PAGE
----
Perceptions of value add as a subject is a good topic for further exploration. Generally, it also highlights the need for an understanding in terms of what exactly constitutes higher value add in a cluster rather than assuming this as a “given”. This is a point well worth making for all clusters seeking to position themselves in higher value add chains. The Oresund Food Cluster is located in Denmark and Scania in Southern Sweden. The three cases are taken from this area and the cluster as a whole is compared against international competition, concluding that the Oresund food cluster “contains all the essential qualities needed for … innovation activity” particularly in relation to supporting industries and in intermediary support organisations to help R&D.

The cases are Provira, which developed an oatmeal based food for patients after abdominal surgery which helps keep the intestines functioning, Oatly, which utilises oats as a nonmilk based alternative to dairy milk to support milk (lactose) intolerant consumers and thirdly that of Mona Carota, a carrot based juice grown locally with good flavour and long shelf life without the use of additives.

The cases lead the authors to strongly suggest that “innovations grow – they are not assembled” (p. 175). The emphasis on organic growth and unplanned connections is a key indicator for the authors.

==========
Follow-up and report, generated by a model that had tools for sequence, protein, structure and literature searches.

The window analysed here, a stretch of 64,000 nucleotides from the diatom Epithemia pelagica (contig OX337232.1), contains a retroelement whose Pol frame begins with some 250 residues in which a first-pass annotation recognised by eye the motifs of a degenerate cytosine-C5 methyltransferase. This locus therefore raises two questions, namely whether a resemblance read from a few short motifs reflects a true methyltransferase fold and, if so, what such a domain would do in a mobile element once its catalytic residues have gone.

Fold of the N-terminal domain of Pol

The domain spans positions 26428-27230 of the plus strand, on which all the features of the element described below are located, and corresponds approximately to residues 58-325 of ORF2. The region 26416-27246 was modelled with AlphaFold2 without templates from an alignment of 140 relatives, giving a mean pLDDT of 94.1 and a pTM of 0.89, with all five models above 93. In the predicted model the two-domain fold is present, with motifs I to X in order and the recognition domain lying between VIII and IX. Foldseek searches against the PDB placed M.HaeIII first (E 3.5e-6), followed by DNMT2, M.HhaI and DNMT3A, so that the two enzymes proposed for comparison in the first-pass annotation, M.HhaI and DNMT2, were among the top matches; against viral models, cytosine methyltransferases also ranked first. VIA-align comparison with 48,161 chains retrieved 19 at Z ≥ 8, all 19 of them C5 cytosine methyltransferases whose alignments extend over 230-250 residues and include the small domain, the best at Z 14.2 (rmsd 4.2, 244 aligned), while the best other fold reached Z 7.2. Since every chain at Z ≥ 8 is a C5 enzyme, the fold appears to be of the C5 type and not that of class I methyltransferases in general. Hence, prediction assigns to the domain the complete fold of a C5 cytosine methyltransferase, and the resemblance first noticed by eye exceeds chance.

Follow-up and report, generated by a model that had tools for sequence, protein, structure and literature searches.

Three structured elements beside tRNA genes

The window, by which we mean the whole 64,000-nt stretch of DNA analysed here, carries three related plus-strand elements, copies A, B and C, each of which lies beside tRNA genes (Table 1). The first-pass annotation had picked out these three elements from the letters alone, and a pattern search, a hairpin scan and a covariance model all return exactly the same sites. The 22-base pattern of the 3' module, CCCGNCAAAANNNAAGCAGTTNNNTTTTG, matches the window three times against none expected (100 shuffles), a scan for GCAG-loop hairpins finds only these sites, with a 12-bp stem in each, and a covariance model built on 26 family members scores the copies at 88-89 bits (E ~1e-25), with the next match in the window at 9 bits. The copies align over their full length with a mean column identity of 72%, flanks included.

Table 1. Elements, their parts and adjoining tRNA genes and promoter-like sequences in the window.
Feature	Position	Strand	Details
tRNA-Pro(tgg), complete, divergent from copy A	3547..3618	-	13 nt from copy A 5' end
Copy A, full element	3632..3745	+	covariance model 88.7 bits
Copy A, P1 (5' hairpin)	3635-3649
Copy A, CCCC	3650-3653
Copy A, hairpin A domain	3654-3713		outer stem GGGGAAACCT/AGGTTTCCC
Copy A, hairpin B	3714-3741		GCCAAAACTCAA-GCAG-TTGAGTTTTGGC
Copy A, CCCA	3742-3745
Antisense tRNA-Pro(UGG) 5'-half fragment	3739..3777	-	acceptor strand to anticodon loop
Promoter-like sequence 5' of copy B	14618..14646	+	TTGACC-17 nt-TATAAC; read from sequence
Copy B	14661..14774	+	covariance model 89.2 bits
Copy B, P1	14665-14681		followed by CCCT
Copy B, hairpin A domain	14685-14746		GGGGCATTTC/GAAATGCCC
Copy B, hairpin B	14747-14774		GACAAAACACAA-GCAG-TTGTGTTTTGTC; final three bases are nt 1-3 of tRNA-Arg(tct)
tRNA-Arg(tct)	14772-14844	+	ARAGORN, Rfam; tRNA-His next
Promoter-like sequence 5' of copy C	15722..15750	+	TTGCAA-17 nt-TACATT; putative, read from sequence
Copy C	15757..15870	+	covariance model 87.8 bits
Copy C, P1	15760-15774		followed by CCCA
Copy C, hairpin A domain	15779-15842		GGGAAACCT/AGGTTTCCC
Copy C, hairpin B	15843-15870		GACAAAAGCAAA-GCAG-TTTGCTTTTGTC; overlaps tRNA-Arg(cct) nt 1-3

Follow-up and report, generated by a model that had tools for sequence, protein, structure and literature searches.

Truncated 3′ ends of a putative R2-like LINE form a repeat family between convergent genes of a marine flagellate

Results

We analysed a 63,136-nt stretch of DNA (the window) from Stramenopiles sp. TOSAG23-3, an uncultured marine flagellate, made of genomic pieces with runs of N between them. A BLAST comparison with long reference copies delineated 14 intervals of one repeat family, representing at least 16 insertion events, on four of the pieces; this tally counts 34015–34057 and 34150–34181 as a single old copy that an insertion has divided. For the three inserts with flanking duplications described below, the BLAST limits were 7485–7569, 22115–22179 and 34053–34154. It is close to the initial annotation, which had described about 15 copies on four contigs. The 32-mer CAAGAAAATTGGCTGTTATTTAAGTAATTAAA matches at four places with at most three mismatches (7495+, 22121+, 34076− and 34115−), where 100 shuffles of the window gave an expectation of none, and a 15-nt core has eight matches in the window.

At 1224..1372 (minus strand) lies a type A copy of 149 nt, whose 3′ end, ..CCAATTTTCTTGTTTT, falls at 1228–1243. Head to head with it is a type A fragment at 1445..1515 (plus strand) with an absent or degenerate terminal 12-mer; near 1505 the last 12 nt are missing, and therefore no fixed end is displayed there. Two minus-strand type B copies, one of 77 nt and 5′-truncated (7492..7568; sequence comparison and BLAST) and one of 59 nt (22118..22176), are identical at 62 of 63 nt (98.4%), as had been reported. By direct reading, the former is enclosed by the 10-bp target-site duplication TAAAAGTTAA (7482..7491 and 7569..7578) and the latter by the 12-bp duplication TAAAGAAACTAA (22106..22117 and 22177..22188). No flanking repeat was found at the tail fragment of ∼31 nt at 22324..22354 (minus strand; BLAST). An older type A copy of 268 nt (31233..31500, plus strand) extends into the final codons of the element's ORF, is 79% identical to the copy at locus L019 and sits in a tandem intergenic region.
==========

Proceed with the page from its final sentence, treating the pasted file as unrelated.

The use of chaos theory characteristics in terms of innovation in clusters (Brown and Eisenhardt, 1998) and within the cases leads to a strengthening of the need to focus on the environment where the new ideas are developed. Starting points, Order, “missing Links”, role models and reinterpretation are described in the context of the cases together with the conclusion that within the companies different leaders from the organisations emerge at each of the stages. This again strongly suggests clusters need to support an environment rich in potential for people to see possible connections and then have the ability to interact to make the developments happen.

In the Oatly case as presented there were three individuals at the stages of fluidity, transition and specificity, leading the authors to conclude, “the strategic leadership changed in the three phases of the innovation project” (p. 183). Three phases of innovation incorporating product and process innovation are also described (utilising Utterback, 1994) the Fluid Phase, the Transitional Phase and Specific Phase. A key point the authors feel is “perhaps to identify… the differences between innovation and product development” which reinforces the point on specific company roles to champion change in the cluster.